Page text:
However, all the plotting and planning and extended explanations involving Hildegard's possession of the sacred relic, the Cross of Constantine, and ruthless Henry Bolingbroke's attempts to overthrow King Richard's regime make the story difficult to follow, and the book, at 510 pages, is not only very long but seems so. Indeed it is quite a struggle to read, as there are so many historical explanations and unnecessary details, and Hildegard herself must be the most unconvincing nun ever. However, she remains a determined fighter: “She fumed at being trapped in York when all she wanted was to face up to the problem of Deepdale. She was damned if she was going to accept its destruction with the equanimity of a sheep. She was ready to fight back." Just occasionally “she knelt in front of the altar in the side chapel away from the sound of passing visitors and bowed her head." But as for her missal, “although she carried this with her, she hadn't opened it since they arrived." And “it was some time since she had attended a service".

The author is never worried by anachronisms so when the town mayor (whose life is about to be threatened by murderous attackers in the middle of the pageant) comments to her that, “We don't get many Cistercians listening to barefoot preachers, do we?", she replies, “I have no idea of the figures involved. it would need a proper survey before I could answer that." Proper survey indeed!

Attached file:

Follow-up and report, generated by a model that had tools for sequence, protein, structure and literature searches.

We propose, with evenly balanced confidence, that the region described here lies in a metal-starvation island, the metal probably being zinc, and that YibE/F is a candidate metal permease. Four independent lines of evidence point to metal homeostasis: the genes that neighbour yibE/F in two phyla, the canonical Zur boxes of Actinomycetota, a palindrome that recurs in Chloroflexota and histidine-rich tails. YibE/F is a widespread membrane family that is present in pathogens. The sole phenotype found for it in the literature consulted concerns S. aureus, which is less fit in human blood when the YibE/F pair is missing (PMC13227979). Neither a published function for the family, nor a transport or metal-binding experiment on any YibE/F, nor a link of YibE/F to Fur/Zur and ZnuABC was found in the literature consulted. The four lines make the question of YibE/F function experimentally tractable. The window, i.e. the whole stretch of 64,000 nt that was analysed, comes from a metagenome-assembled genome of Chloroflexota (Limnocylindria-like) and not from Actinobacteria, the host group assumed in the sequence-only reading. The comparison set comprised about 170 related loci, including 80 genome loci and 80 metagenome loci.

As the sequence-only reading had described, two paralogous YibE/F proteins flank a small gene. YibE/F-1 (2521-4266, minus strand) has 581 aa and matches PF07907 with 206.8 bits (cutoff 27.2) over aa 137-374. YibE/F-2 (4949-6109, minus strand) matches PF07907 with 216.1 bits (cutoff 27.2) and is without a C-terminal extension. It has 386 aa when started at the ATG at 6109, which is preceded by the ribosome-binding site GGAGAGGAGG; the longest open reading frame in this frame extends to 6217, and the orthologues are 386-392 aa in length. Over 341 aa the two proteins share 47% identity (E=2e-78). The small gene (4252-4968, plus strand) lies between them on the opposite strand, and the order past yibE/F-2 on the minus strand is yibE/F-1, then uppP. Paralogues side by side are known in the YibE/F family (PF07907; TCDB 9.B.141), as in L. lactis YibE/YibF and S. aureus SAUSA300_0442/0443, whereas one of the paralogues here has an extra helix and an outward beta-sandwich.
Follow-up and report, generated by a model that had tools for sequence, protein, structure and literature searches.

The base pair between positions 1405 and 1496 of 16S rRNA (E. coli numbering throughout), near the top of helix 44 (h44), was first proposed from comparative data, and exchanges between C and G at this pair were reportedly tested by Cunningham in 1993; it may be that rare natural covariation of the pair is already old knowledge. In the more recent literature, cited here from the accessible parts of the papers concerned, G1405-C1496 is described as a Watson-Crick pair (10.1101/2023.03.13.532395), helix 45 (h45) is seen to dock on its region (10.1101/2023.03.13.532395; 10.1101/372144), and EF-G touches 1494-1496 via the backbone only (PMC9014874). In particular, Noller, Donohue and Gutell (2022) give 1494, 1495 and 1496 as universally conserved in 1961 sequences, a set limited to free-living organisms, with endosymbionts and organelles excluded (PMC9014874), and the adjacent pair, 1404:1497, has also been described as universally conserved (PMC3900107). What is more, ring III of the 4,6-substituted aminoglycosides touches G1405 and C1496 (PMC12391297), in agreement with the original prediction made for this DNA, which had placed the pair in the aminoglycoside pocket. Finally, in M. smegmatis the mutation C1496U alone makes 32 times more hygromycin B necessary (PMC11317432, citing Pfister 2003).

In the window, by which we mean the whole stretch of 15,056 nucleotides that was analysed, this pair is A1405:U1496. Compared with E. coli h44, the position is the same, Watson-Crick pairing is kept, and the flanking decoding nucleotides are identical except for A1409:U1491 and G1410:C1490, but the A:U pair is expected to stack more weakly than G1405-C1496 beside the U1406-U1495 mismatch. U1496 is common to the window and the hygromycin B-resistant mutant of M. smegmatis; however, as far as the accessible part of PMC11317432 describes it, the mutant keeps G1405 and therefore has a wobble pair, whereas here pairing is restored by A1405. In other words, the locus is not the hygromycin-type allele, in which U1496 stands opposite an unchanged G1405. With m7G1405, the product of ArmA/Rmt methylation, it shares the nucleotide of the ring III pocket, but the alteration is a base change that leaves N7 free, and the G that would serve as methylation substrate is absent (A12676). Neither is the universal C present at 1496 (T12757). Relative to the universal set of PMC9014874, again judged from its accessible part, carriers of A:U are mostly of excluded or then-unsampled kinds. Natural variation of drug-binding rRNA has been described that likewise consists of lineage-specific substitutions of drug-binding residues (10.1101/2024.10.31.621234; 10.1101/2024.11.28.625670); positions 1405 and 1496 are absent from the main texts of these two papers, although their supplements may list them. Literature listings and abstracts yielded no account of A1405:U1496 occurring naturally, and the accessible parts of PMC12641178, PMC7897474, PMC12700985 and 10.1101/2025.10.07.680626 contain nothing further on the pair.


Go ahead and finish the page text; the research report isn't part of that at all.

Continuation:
And characters like the mage (magician) who keeps on coming to her rescue are not very convincing either. The result is that it is hard to feel very involved with what is going on. Even when Hildegard perches precariously on a ledge high up inside York Minster, risking her life to save young Maud, it isn't really as exciting as it might have been. Then, as if all this was not enough, when Brother Thomas, Hildegard's good friend, tries to rescue the pair of them from the clutches of the villainous black knight, Thomas "spread his arms to demonstrate his good intentions but the knight took it as an opportunity to produce a knife and before anybody could move he stabbed Thomas in the chest. The onlookers gasped. A woman screamed. Hildegard gazed in horror as Thomas fell back with both hands to the wound. The knight still held the knife and now slipped it back inside its sheaf and reached again for Maud. Gasping with pain Thomas managed to shout, “Run for it, Hildegard. Take her to safety!" before sliding to the floor." It's almost comic. And it's even more unconvincing when at one point Hildegard even pretends to be a sort of mediaeval suicide bomber!

It lacks conviction too when Hildegard's spiritual superior, the once loving Abbot Hubert. suddenly surprisingly reappears from his long journeys abroad and tells her, "Your conduct is scandalous. It goes beyond any bounds of decency. Frankly, you horrifiy me." But luckily the prioress to whom Hildegard is responsible soon persuades Hubert that it was all a misunderstanding and he ends up by offering her “the deeds to a vacant Grange on the other side of the canal, opposite the Abbey of Meaux." But as to her becoming the "abbess of Meaux" as the cover still promises, not a word!

The author has her own informative website, and there is an interesting if not entirely accurate review of Hangman Blind, drawing attention to some alleged inaccuracies, on the Tangled Web UK site. The author rebuts these charges on my guestbook page!

Please sign my GUEST BOOK. All comments, contributions (or corrections) welcomed!


Hangman Blind cover
The book is described as "An Abbess of Meaux mystery" but this must be a look into the future, because in this story she is still plain Sister Hildegard.
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in the middle of the dance pageant